Color vision refers to the neurophysiological ability to perceive color, especially in humans.
Each of three types of light receptors, called cones, located in the retina of the eye, recognizes different specific ranges of wavelengths of light as blue, green, or red. From the cones, color signals pass via neurons along the visual pathway, where they are combined in various ways to create perception of the full spectrum of roughly 5 million shades of color.
Because each person's neurons are unique, each individual sees color slightly differently. Color blindness, an inherited condition that affects men significantly more often than women, has two varieties: monochromats lack all cone receptors and cannot see any color other than shades of grey; dichromats lack either red-green or blue-yellow cone receptors and cannot perceive hues in those respective ranges. Another phenomenon, known as color weakness or anomalous trichromat, refers to a condition in which a person can perceive a specific color, but needs greater intensity of the associated wavelength in order to see it appropriately.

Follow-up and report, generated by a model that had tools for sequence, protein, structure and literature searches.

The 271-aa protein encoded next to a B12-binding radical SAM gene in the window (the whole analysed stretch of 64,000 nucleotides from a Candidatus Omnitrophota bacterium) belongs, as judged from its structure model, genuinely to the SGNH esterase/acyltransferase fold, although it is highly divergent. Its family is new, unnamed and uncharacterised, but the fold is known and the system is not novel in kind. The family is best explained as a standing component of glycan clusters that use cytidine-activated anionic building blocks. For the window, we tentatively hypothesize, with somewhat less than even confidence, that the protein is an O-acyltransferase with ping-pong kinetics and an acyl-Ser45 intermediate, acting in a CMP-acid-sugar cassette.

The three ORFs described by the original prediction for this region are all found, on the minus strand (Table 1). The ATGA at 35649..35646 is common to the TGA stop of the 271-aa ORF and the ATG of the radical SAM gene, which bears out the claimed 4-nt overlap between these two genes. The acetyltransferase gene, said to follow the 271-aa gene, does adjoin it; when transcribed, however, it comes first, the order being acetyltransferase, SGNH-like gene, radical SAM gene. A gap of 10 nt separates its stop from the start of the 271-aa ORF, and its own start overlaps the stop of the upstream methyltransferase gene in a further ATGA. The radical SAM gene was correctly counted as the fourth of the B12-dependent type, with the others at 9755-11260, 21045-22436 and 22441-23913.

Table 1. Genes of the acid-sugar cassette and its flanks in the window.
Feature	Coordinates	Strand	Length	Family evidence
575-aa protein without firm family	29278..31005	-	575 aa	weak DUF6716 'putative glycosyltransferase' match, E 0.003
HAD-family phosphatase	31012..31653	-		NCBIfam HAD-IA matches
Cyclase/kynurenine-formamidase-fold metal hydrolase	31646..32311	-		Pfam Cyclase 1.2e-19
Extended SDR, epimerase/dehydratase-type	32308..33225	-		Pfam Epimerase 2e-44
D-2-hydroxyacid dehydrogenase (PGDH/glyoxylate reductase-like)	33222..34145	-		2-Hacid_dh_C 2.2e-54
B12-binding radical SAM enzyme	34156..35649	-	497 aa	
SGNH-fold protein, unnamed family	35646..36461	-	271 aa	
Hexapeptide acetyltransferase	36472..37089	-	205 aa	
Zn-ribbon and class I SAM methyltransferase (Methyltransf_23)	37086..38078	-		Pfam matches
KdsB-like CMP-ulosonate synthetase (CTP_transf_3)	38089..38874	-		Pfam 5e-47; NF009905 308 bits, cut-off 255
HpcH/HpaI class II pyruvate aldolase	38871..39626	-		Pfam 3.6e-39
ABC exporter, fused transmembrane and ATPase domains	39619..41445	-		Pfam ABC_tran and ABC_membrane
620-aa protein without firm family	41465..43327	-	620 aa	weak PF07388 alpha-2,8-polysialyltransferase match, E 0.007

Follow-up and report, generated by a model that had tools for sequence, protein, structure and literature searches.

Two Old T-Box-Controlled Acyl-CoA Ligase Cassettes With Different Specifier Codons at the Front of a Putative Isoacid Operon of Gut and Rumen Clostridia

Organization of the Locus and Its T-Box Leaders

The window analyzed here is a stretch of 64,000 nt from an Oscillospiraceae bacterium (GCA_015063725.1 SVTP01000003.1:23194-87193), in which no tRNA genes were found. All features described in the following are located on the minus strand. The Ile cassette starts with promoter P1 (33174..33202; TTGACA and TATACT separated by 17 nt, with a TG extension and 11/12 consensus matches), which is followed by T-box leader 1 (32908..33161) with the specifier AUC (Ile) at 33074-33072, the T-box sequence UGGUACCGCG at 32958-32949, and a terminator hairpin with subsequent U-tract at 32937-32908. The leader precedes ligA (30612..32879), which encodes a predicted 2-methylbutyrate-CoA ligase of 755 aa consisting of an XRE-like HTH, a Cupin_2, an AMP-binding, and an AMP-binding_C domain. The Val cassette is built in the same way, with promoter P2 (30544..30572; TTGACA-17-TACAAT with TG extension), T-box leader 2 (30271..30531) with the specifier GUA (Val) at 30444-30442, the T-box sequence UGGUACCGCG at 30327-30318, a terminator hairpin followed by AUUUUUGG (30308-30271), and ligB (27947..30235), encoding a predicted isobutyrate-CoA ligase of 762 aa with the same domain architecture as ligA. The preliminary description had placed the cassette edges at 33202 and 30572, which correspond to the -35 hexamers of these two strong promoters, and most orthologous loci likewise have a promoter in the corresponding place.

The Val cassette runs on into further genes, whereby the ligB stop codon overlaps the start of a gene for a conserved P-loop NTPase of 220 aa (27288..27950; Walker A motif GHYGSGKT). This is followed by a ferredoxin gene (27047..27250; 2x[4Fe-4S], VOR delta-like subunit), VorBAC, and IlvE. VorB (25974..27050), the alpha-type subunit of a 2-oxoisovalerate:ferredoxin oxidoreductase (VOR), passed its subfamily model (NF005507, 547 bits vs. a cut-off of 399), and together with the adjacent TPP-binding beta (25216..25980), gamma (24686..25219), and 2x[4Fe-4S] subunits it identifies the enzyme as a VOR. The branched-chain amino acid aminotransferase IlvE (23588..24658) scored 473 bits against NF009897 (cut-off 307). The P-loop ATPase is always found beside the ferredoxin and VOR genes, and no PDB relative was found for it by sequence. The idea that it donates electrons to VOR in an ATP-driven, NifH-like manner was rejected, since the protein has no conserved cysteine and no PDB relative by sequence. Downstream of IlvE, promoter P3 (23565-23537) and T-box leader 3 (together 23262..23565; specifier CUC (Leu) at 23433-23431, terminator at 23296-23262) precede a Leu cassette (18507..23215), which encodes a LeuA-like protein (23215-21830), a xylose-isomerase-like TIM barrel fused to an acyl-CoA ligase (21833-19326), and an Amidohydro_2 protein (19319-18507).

See also Perception; Vision .
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